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Among the rules, companies with up to 500 employees are eligible to apply for the PPP loans.

“This has been a saving grace for us,” Hiley said. “We will be able to remain open. A lot of dealerships across the country decided to close.”

Red Sanders, owner of Red Productions, a full-service video production company based in Fort Worth, is also grateful for the PPP loan his company received to continue paying his 16 employees.

“We are able to pay our full staff their salaries and benefits through the end of May,” Sanders said. “It is huge for us.”

With onsite filming shutdown, Sanders and his team have shifted services to offering live-stream video services from their Fort Worth studio, which they deep clean between uses.

“We provide a safe, sanitized place for clients to come in and produce a video with a professional quality backdrop, lighting and audio,” Sanders said.

Corporate annual meetings and professional development trainings need more of a professional setting than video conferencing “from someone’s kitchen table.”

Both Sanders and Hiley said they are awed that the federal government could pull together the $349 billion PPP and their banks were able to secure their loans (of undisclosed amounts) in record time of about a week.

Other applicants are still waiting to find out whether they will be as fortunate.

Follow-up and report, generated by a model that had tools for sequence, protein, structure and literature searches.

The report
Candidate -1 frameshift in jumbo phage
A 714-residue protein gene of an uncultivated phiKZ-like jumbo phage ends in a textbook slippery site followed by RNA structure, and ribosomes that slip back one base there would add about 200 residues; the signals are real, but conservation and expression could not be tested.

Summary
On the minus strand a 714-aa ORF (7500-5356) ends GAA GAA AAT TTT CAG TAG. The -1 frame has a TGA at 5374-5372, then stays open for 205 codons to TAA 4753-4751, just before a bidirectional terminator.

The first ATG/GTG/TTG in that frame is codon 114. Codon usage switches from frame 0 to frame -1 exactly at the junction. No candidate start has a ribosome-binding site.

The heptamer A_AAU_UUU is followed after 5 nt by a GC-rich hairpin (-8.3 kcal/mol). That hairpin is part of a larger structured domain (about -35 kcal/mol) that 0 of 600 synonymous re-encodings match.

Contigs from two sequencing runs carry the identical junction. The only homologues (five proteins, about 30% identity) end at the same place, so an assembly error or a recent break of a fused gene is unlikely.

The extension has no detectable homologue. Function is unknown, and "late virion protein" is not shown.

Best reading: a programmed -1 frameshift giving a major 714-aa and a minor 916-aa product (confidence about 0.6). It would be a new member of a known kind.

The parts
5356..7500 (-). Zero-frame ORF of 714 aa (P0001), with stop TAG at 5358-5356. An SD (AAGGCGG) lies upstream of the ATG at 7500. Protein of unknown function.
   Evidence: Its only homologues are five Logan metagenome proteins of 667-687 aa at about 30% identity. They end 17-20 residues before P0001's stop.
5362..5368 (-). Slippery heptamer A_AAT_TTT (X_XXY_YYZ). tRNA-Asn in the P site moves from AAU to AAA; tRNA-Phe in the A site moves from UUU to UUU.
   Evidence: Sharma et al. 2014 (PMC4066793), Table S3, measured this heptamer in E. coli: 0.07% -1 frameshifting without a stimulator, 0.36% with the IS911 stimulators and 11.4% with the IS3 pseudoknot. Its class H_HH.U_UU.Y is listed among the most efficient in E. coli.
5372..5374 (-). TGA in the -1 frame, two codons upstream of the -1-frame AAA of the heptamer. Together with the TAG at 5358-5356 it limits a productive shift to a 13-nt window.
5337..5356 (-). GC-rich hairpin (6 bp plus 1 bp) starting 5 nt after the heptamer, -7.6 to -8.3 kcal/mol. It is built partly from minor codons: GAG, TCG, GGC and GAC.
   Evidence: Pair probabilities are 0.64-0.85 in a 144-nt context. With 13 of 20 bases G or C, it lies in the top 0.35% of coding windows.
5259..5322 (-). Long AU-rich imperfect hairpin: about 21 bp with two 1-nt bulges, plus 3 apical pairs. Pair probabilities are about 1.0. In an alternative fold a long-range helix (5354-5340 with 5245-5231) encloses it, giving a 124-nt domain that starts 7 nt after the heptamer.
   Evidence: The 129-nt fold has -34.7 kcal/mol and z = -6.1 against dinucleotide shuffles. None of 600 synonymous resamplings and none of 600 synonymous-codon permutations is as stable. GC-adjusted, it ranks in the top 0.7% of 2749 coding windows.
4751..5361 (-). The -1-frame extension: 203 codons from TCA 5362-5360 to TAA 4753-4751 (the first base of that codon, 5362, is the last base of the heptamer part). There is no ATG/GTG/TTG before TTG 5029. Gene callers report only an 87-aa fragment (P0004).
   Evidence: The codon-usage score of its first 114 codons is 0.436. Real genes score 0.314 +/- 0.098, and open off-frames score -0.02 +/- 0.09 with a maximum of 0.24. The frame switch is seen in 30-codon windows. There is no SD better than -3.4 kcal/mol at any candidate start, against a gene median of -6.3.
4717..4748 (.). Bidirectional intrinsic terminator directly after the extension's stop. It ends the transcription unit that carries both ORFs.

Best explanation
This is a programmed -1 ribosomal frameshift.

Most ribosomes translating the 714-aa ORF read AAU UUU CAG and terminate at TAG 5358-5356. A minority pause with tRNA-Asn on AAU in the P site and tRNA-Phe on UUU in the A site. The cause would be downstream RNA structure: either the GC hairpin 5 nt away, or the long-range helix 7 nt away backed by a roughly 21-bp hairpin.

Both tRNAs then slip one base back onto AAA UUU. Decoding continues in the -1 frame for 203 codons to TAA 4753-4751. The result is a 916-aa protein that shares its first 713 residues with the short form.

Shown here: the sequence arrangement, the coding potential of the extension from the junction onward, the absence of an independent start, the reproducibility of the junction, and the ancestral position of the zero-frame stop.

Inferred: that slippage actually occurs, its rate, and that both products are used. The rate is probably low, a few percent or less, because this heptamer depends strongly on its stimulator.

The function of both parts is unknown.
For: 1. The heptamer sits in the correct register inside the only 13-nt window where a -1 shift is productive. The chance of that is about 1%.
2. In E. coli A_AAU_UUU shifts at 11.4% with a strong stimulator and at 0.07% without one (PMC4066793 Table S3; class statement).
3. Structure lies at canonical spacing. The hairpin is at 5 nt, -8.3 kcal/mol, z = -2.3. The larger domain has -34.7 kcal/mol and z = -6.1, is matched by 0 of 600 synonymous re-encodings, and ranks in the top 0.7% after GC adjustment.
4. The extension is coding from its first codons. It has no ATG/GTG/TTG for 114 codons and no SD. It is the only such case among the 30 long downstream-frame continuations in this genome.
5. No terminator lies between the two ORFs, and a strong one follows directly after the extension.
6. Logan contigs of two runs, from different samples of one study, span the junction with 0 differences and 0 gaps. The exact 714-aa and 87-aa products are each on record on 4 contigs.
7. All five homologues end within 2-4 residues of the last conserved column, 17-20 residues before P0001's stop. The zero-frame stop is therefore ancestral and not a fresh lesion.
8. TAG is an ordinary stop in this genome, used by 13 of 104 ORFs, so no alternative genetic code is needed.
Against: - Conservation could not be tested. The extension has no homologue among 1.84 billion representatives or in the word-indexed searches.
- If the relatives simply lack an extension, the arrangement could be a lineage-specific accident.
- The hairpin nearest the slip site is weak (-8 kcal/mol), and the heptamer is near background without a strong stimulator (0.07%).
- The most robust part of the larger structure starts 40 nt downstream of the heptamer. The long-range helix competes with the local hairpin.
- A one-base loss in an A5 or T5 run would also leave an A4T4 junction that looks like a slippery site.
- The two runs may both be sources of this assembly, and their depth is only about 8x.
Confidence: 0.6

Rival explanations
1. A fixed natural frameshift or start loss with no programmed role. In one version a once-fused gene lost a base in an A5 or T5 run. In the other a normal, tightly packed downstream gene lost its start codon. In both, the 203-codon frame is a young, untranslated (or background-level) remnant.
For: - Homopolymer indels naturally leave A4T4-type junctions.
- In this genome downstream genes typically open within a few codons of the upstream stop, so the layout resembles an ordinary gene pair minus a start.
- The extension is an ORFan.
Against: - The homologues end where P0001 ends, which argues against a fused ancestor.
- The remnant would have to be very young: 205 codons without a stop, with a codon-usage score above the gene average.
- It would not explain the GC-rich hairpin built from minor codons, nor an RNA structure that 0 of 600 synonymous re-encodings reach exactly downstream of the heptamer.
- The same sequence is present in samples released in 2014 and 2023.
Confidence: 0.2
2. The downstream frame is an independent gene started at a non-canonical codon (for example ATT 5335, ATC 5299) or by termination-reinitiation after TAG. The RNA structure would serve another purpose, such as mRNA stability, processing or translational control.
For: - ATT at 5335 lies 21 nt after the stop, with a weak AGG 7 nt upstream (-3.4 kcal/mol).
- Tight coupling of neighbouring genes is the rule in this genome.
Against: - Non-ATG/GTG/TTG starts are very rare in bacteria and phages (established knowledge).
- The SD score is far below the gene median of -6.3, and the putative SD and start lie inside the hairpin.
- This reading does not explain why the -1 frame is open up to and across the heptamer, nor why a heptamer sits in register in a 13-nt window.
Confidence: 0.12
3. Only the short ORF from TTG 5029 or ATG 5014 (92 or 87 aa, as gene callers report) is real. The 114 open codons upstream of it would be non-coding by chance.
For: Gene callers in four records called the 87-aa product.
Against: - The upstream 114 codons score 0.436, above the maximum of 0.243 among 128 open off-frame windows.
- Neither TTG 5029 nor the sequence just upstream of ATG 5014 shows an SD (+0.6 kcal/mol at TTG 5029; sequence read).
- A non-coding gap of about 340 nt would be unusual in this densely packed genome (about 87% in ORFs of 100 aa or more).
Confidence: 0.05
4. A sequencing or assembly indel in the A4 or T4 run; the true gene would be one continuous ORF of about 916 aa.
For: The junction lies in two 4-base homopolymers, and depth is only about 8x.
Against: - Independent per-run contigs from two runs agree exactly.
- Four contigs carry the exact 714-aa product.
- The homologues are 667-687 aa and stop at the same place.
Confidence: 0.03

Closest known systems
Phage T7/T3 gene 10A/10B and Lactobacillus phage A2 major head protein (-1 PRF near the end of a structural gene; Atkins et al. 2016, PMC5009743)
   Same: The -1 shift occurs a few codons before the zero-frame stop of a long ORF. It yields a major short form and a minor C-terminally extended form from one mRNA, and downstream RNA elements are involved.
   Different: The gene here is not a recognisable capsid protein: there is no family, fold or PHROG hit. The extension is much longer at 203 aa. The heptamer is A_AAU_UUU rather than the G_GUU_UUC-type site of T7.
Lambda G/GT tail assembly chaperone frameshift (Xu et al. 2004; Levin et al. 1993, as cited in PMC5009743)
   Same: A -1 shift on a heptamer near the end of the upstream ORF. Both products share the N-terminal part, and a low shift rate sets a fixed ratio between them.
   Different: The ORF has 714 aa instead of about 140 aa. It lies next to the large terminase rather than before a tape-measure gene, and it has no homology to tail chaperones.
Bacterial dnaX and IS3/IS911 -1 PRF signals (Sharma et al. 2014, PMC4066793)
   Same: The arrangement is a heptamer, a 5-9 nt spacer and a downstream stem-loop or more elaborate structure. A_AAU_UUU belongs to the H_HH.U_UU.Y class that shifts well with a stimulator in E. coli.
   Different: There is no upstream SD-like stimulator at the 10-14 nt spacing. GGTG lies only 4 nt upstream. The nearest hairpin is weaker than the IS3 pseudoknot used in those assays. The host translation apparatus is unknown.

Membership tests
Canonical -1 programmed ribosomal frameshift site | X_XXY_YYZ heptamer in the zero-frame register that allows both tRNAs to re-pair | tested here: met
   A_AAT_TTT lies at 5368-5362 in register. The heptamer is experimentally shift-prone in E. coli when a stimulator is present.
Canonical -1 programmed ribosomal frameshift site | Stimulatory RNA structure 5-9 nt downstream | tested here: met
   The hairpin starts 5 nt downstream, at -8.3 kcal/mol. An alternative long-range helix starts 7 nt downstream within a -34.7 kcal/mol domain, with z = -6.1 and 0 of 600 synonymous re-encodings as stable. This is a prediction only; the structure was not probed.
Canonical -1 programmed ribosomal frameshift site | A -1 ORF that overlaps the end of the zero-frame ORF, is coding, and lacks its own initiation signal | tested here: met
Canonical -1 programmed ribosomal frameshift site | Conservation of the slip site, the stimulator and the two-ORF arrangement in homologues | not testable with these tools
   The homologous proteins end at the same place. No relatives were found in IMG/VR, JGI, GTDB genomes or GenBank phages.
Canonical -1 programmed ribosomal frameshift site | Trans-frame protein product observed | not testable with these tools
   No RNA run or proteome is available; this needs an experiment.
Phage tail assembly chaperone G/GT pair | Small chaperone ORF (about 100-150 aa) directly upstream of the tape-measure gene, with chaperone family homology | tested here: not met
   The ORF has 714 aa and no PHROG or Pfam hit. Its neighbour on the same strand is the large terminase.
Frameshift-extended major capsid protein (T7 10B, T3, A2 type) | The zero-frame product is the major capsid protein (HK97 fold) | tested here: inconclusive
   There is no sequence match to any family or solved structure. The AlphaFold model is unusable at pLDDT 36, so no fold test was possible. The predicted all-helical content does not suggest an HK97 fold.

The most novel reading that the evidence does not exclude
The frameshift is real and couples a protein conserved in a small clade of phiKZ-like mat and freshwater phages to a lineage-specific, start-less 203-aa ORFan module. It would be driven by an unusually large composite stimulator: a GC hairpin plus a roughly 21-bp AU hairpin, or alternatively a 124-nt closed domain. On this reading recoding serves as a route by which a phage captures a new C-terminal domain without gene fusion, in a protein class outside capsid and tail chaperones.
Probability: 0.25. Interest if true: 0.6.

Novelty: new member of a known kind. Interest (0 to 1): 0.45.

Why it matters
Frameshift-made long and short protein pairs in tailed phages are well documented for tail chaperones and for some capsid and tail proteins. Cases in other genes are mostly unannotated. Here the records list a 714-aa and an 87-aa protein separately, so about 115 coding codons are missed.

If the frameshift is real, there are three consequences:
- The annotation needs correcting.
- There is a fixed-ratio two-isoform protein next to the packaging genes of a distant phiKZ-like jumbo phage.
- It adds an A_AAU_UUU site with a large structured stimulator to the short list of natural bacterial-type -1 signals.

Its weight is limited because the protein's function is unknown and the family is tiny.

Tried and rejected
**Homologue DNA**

An overwhelming number of applicants and shifting requirements were among the issues that complicated the process when the application period opened through banks on April 3.

“That whole first week was a frenzy,” said Frank Ianelli, managing director of WhitleyPenn, who helped shepherd multiple clients through the process with several local banks.

While the application process was set up on a first-come, first-serve basis, some banks were able to able to process loans quicker than others because they were already certified as SBA lenders.

Meanwhile, others had to quickly become certified and set up to process SBA loans, Iannelli said.

Adding to the initial chaos was the requirement that loan seekers had to have a relationship with a bank to apply for a loan.

“You couldn’t just have a checking or savings account at a bank,” Iannelli said. “You had to have a relationship that involved investments or loans. Many small businesses don’t have that type of relationship.”